Furthermore, organizations hosting students during work-integrated learning experiences also reap substantial benefits. The contributions of students, infused with their talents and capabilities, have a phenomenal impact on organizations, whether within industry sectors, non-profit entities, or the public sector. Students bring a wealth of innovative ideas and skills that invigorate and enrich the work environment.
In the context of our rapidly evolving technological landscape, work-integrated learning extends beyond students learning from employees. And employees gain insights and knowledge from students, who bring fresh perspectives, digital skills, and emerging technologies into workplaces. This mutual learning helps the organization adapt better to new technologies.
Q. Please share your expertise in implementing work-integrated learning, especially at the school level,l with vocational courses in India, drawing from global insights, including experiences in Canada.
A. Creating an ideal environment for work-integrated learning involves recognizing key stakeholders.
In Canada, the quality framework centers on five key stakeholders:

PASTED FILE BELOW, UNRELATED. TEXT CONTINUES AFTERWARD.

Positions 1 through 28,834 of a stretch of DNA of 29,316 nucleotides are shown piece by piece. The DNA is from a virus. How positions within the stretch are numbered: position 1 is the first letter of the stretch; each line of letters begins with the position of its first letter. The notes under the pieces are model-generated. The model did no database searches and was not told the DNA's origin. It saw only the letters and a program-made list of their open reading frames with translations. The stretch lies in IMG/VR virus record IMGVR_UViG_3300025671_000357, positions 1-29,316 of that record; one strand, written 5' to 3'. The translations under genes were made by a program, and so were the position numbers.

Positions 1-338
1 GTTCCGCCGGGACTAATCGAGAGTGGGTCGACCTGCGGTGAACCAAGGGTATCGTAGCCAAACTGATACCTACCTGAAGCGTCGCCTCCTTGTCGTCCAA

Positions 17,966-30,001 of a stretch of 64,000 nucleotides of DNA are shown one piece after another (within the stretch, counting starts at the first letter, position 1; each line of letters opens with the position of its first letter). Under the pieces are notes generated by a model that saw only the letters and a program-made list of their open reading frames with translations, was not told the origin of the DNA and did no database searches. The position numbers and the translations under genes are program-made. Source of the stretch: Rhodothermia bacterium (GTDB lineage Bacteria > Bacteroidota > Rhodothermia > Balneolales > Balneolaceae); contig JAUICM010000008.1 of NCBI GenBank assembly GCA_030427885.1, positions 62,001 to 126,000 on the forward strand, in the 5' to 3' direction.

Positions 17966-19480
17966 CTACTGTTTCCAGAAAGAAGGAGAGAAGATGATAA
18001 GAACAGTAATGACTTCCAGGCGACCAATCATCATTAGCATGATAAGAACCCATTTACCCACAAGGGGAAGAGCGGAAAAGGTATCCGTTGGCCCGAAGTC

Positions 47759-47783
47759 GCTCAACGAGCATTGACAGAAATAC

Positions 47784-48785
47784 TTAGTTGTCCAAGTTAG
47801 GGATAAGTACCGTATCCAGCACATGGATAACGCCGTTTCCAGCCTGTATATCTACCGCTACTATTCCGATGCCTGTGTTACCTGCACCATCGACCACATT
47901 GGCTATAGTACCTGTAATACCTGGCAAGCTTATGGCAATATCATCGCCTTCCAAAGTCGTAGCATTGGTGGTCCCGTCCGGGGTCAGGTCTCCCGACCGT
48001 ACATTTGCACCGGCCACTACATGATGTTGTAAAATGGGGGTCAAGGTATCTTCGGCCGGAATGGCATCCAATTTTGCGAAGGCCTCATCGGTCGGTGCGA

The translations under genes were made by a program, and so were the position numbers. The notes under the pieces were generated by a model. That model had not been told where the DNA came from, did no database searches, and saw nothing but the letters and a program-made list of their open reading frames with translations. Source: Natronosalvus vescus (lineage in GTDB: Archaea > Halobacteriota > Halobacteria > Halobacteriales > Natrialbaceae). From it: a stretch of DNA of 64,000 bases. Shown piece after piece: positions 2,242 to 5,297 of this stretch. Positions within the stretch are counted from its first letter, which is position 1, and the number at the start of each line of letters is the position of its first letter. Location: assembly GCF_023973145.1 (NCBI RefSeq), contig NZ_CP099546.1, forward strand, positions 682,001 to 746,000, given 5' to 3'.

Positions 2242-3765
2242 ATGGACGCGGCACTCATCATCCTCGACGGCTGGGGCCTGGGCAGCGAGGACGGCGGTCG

- Employers or external organizations
To establish conditions for a program, the initial step is to understand the goals of each stakeholder and address their specific needs. The government often prioritize employability; employers seek talent; educators aim for increased student engagement and skill development; and institutions focus on recruitment, retention, and reputation.
Students are interested in opportunities for work, career progression, and a deeper understanding of their studies. Achieving success involves a holistic approach tailored to each context, considering the diverse interests of all stakeholders. Creating environments that align with these objectives sets the stage for a robust ecosystem supporting work-integrated learning. It’s crucial to move beyond ad-hoc efforts, especially during the initial stages, and involve all relevant players in the process. Engaging parents, understanding their expectations, and aligning the program with their needs can further enhance support for students. Once these considerations are in place, addressing structural, resource, and programming aspects becomes essential for a well-rounded and effective work-integrated learning initiative.